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Emerging Graph Queries In Linked Data
"... Abstract—In a wide array of disciplines, data can be modeled as an interconnected network of entities, where various attributes could be associated with both the entities and the relations among them. Knowledge is often hidden in the complex structure and attributes inside these networks. While que ..."
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Abstract—In a wide array of disciplines, data can be modeled as an interconnected network of entities, where various attributes could be associated with both the entities and the relations among them. Knowledge is often hidden in the complex structure and attributes inside these networks. While querying and mining these linked datasets are essential for various applications, traditional graph queries may not be able to capture the rich semantics in these networks. With the advent of complex information networks, new graph queries are emerging, including graph pattern matching and mining, similarity search, ranking and expert finding, graph aggregation and OLAP. These queries require both the topology and content information of the network data, and hence, different from classical graph algorithms such as shortest path, reachability and minimum cut, which depend only on the structure of the network. In this tutorial, we shall give an introduction of the emerging graph queries, their indexing and resolution techniques, the current challenges and the future research directions. I.
Exploring the tractability border in epistemic tasks
 SYNTHESE
, 2012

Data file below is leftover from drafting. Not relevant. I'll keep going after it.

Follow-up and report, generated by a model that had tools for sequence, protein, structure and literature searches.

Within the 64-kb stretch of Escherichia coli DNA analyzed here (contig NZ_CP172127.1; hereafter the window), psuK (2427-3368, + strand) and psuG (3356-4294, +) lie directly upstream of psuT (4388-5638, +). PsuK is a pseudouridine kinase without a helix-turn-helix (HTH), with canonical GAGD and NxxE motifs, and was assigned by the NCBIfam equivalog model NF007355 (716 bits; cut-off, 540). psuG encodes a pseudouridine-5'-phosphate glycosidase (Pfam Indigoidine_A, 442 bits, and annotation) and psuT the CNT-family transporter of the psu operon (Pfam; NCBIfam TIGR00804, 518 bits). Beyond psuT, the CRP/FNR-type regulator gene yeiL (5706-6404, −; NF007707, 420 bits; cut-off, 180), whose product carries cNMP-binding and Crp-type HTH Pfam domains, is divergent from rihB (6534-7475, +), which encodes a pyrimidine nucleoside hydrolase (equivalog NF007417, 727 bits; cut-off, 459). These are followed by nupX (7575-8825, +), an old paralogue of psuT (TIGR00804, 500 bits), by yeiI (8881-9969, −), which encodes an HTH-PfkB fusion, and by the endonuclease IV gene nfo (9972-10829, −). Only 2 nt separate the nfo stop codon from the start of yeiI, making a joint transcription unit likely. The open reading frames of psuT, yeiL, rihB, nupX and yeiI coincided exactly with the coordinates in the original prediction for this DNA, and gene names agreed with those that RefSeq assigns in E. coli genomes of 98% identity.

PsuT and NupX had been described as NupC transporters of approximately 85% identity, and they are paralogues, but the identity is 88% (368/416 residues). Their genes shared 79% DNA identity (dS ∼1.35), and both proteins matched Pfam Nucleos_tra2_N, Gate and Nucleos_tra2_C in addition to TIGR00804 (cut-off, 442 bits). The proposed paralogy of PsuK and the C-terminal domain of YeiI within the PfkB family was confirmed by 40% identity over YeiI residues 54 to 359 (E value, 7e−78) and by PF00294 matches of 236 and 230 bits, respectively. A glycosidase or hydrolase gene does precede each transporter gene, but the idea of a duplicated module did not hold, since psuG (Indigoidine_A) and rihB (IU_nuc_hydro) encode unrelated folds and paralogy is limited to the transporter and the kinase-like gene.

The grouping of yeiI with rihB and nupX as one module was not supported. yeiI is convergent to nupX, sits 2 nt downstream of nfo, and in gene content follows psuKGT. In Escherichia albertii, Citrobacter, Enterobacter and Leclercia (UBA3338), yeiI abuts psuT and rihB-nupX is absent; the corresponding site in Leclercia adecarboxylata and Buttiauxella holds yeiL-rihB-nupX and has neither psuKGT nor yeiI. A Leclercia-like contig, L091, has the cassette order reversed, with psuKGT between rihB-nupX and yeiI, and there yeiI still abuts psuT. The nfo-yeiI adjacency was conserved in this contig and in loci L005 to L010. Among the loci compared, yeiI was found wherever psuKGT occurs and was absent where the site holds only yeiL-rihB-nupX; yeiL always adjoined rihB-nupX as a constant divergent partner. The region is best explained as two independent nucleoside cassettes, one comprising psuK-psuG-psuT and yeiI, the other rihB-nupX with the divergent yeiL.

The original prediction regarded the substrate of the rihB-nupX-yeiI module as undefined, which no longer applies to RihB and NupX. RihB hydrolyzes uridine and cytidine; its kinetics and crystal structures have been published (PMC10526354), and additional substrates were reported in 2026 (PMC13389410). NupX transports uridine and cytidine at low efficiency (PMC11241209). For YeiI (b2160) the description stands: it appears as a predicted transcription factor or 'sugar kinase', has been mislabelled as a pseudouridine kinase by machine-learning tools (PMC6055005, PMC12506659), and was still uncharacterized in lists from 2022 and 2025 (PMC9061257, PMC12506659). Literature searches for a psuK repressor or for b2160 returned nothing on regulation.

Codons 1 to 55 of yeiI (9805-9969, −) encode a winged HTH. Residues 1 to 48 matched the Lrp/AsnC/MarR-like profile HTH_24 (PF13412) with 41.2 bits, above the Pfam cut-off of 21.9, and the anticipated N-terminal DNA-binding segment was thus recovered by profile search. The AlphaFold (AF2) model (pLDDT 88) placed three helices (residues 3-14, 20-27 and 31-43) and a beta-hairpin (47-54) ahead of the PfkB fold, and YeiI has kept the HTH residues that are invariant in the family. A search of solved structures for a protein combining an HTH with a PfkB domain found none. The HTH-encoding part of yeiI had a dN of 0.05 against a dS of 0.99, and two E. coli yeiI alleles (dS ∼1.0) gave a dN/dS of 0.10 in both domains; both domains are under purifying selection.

"... We analyse the computational complexity of comparing informational structures. Intuitively, we study the complexity of deciding queries such as the following: Is Alice’s epistemic information strictly coarser than Bob’s? Do Alice and Bob have the same knowledge about each other’s knowledge? Is it po ..."
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We analyse the computational complexity of comparing informational structures. Intuitively, we study the complexity of deciding queries such as the following: Is Alice’s epistemic information strictly coarser than Bob’s? Do Alice and Bob have the same knowledge about each other’s knowledge? Is it possible to manipulate Alice in a way that she will have the same beliefs as Bob? The results show that these problems lie on both sides of the border between tractability (P) and intractability (NPhard). In particular, we investigate the impact of assuming information structures to be partitionbased (rather than arbitrary relational structures) on the complexity of various problems. We focus on the tractability of concrete epistemic tasks and not on epistemic logics describing them.
AIncremental Graph Pattern Matching
"... Graph pattern matching is commonly used in a variety of emerging applications such as social network analysis. These applications highlight the need for studying the following two issues. First, graph pattern matching is traditionally defined in terms of subgraph isomorphism or graph simulation. The ..."